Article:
If you added up all the years of music experience from the five members of Birmingham band The Blips, you’d have more than a century of rock and roll. These Birmingham rockers — Will Stewart, Taylor Hollingsworth, Wes McDonald, Eric Wallace, and Chris McCauley — came together just a couple of years ago to form a Birmingham “supergroup,” that has now recorded two albums.
The Blips will play at Lowe Mill’s Concerts on the Dock this Friday night from 6PM to 9PM, and Hville Blast caught up with the band to get them to answer five questions about their past, present and future.
1. How did this band come together?
Stewart says the idea for the band came about when he contacted Hollingsworth and they discussed putting a project together. Although some members of the band had played with other members at some time or another, getting all five of them together for one band was an idea Stewart said he and Hollingsworth discussed for a while before it came to fruition.
“I think Taylor and I talked about it for about six months, and I sent out a text to try and get everyone together.”Will Stewart, The Blips
2. How did the pandemic affect the progress of the band?
Forming a band as a global pandemic hits is probably not ideal if you want to play live to promote your music, but could have been a blessing for The Blips, as they were able to spend more time writing music. However, the pandemic did delay the release of the band’s first album.
“We couldn’t play live, so we had to hold our record back for about six months,” McDonald said. “We played our first show literally the day before everything closed. Then played our second show right when things started opening back up. So we were some people’s last show before the pandemic and a lot of people’s first show coming back from the pandemic.”
3. Is this band a side project or the ‘main’ project?
All members of the band have multiple music projects going on right now. McDonald runs Cornelius Chapel Records and plays with the band People Years, in addition to playing solo as his musical alias, Terry Ohms. Stewart plays solo, with Janet Simpson in Timber and with Sarah Langford, among other projects.
Hollingsworth, one of the Birmingham music scene’s most revered guitarists, has multiple musical projects in the works, and can be seen playing around Birmingham in The Country Westerns, while McCauley — former member of iconic Birmingham band Holy Youth — and Wallace, who owns The Firehouse, a DIY venue and music education space — also have multiple bands and side projects going on. So where do The Blips fit in on the list of priorities?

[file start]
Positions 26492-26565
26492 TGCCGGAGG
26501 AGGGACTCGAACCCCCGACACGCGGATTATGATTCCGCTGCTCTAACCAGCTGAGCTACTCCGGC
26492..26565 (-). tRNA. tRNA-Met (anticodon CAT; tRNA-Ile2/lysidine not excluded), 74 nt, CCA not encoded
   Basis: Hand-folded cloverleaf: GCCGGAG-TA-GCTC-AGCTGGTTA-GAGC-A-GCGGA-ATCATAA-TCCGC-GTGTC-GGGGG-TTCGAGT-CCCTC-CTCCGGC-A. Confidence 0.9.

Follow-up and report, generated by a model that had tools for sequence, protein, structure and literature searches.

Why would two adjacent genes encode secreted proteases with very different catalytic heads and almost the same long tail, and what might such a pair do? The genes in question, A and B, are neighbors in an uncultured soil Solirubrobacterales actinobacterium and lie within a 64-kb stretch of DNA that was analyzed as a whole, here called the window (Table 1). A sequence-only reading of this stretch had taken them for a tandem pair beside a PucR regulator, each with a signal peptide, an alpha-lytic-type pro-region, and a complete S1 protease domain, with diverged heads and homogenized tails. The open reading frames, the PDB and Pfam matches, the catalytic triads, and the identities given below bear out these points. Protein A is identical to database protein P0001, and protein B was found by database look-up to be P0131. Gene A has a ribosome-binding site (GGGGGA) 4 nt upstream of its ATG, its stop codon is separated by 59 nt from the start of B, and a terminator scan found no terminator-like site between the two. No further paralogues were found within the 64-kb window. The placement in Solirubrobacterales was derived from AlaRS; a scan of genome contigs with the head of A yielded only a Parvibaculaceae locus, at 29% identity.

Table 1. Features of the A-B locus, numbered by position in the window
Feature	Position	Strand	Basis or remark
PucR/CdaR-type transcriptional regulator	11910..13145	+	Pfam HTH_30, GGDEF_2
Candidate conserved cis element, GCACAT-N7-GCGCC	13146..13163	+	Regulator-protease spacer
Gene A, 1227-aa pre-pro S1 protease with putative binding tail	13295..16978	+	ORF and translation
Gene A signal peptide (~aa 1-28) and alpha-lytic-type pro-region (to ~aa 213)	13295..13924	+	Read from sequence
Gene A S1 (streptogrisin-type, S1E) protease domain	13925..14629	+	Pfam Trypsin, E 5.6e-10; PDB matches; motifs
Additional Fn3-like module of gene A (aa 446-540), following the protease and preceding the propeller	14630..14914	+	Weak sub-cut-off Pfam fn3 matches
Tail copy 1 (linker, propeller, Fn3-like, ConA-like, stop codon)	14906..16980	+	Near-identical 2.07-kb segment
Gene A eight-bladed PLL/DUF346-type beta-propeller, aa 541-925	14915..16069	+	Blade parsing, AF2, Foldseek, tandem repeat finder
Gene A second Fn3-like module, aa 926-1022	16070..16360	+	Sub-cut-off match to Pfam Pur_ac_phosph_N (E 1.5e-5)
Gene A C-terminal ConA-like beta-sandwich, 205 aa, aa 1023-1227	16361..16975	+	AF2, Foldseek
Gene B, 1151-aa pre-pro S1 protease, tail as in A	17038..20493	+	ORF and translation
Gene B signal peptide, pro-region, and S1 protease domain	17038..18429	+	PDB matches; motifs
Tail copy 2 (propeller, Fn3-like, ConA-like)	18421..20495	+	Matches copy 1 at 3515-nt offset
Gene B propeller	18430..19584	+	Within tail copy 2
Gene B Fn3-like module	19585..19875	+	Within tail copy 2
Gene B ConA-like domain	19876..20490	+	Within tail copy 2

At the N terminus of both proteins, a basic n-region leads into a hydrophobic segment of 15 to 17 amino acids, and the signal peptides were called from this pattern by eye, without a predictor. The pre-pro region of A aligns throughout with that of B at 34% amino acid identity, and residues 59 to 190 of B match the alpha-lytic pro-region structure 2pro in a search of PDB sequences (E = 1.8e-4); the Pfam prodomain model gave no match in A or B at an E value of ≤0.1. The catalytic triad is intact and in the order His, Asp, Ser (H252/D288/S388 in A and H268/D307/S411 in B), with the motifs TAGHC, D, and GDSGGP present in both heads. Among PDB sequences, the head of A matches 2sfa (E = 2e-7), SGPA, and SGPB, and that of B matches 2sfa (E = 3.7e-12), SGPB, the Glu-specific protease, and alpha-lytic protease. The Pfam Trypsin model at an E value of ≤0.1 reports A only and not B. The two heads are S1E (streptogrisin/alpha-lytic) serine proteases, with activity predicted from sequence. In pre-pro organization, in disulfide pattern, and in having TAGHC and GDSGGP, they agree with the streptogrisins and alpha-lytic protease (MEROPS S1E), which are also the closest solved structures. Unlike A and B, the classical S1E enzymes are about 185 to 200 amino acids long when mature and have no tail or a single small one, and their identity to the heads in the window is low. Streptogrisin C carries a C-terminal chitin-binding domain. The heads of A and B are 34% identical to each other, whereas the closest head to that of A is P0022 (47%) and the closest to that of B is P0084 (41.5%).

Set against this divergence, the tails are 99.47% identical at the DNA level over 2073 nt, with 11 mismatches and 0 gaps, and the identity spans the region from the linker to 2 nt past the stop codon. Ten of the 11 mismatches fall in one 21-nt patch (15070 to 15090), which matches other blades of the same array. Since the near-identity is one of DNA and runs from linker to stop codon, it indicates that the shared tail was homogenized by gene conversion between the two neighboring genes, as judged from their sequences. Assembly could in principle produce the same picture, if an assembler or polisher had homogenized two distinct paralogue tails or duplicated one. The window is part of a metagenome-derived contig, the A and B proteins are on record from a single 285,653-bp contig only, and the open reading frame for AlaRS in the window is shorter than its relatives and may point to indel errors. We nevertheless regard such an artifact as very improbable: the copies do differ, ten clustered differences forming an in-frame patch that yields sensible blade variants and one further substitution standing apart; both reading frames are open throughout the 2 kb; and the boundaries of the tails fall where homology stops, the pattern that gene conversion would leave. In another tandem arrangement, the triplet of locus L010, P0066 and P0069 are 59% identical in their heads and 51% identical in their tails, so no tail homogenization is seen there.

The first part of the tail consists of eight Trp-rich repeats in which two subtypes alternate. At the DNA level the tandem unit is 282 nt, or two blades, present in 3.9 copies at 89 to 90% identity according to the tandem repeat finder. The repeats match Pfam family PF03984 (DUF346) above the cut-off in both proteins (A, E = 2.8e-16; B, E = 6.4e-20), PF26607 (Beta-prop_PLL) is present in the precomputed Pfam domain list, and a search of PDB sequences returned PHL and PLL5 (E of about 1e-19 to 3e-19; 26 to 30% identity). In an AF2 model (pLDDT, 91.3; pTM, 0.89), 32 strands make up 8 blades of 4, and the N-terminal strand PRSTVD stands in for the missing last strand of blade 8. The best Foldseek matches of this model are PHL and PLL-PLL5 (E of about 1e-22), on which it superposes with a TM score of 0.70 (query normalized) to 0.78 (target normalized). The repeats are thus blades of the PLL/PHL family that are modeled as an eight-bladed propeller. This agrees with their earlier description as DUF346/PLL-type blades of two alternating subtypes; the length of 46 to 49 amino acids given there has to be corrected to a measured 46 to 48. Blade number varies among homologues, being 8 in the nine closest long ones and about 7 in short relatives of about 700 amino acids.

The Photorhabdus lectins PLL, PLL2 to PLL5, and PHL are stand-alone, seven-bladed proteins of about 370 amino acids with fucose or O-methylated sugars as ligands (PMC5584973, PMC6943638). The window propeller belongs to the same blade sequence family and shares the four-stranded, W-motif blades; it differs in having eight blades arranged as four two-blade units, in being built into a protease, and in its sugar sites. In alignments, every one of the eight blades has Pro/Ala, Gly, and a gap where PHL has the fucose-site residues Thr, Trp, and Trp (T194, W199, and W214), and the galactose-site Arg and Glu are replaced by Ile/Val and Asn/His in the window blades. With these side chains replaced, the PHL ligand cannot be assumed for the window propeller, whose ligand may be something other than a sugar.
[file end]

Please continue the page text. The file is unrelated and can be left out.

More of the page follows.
“We’re all involved in too many projects anyway, so they are all side projects, really,” McDonald said.
“I would say (The Blips) is a side project with the potential to be a main project.”Taylor Hollingsworth, The Blips
4. Y’all have received a good bit of radio airplay. Do y’all intend to tour for the new album?
Touring is not easy, especially when you consider that many of the members of The Blips have families, day jobs and other obligations. But the band hasn’t ruled out touring to promote the new album.
Hollingsworth said if a worthwhile tour presents itself then the band would be open to touring. McDonald echoed those sentiments, saying if anyone wants to send them on tour, they are open for the discussion.
“We’re interested in a tour that 40-year-old men can handle.”Chris McCauley, The Blips
5. What is the song-writing process like for y’all?
With a band full of five frontmen, so to speak, one may wonder who comes up with the song ideas for a band like The Blips. But band members said the song-writing process is a collaborative effort, for the most part.
“Each person will being in their own songs, but there are some songs we all collaborate on,” Hollingsworth said.
“I’d say (the song-writing process) is mostly a workshopping process, where someone will bring a song in and we will all tweak it together.”Eric Wallace, The Blips
Where to see and hear The Blips
The Blips will play at Lowe Mill’s Concerts on the Dock series this Friday night beginning at 6PM. The concert is free to attend but parking is $5.
And those who can’t make the show Friday night can download the band’s music and sample some of the band’s tunes on Bandcamp or your preferred streaming service.
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